From an opening of “Phresh Out the Runway,” Rihanna had an urgency, almost something to prove with her set. She mentioned that Denver was her first tour date of the Diamonds World Tour back on U.S. soil, and it was almost as if she was making up for lost time, having canceled her last Denver date back in 2010.
Inside the nearly-capacity Pepsi Center, gaggles of teen legal girls stood in their chunky lace up booties and sky high wedges. They danced and sang along while middle-aged couples swayed together as if every song was a ballad. Even a pink mohawk could be spotted just skimming the heads of the crowd. The parents escorting their children cringed at the hip rolls and crotch grabs during “Cockiness.” But even with a young crowd, Rihanna wasn’t about to apologize for her sexuality. She’s a strong woman — confident in her talent and body.
It’s a confidence that grew as the set wore on. With billowing streams of fire blasting beside her, Rihanna strutted across the stage, casually dodging the pyrotechnics. Despite the chaos around her, she held her own in every fluid and effortless movement she made. Even her twerking had a sense of originality and sophistication. Every pop of her body was as if she was saying, “I’ve done this for years, and this is how you do it.”
The fire cleared and Rihanna moved onto “Numb” and “No Love Allowed,” two almost reggae-inspired tracks that bring to mind her Barbados origins. Then, journeying through the luxurious yet materialistic side of hip-hop, through the red-hot flames and up in smoke, it was time to drift into the clouds for a few power ballads. Dressed in a long red dress, Rihanna showed her emotional range. During “Loveeee Song” the massive arena suddenly felt intimate and private.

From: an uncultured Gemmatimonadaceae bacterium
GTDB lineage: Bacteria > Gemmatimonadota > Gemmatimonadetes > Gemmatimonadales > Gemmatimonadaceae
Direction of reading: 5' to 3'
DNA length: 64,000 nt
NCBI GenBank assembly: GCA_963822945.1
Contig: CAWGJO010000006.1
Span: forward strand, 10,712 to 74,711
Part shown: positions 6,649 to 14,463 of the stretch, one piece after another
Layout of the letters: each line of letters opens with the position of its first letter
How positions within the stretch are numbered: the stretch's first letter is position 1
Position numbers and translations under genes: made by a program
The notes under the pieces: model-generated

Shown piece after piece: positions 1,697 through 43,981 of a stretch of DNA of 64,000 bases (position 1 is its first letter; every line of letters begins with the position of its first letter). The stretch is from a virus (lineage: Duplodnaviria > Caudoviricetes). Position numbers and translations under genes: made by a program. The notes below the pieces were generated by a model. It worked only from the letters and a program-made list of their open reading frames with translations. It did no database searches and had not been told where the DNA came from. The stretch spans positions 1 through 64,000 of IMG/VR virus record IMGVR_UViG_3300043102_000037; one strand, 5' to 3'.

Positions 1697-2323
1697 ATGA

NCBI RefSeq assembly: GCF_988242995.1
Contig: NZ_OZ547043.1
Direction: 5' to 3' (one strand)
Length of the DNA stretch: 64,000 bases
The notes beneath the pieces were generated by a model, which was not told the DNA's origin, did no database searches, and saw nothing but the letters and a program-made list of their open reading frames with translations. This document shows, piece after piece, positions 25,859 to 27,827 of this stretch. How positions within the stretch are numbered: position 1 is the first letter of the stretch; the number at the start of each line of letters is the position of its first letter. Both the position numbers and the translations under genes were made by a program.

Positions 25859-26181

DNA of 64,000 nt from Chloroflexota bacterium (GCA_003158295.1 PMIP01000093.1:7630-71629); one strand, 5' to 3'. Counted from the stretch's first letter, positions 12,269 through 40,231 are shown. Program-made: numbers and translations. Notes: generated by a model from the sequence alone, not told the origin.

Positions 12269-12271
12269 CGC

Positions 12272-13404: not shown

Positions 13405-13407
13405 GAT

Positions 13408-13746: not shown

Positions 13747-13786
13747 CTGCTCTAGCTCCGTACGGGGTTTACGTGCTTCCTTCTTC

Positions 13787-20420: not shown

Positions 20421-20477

But as soon as it seemed Rihanna would open up, tell the audience what made the singer really tick, she moved back to the comfort zone of pop. Live, these radio hits and chart-topping singles like “Love the Way You Lie” and “Take a Bow” took a real power thanks to Rihanna’s daunting presence and enormous voice.
Next, another costume change: Rihanna ditched her elegant and mature look as she changed into a playful and flirty dress with reflective kicks perfect for “We Found Love” and “S & M.” Ending the show with “Diamonds” in a diamond studded jumpsuit and impossibly thin stiletto heels, one thing was clear: Rihanna exemplified that a strong (occasionally intense), talented woman can also be playful, smart and even, yes, a role model.
Women with their heels in hand streamed out of the Pepsi Center, and there seemed to be an energy to the air and a confidence to the step that wasn’t there before.
Bailey Constas is a Fort Collins-based writer and new contributor to Reverb. Follow her on Twitter @BaileyLiza.
Seth McConnell is a member of YourHub at The Denver Post and a regular contributor to Reverb.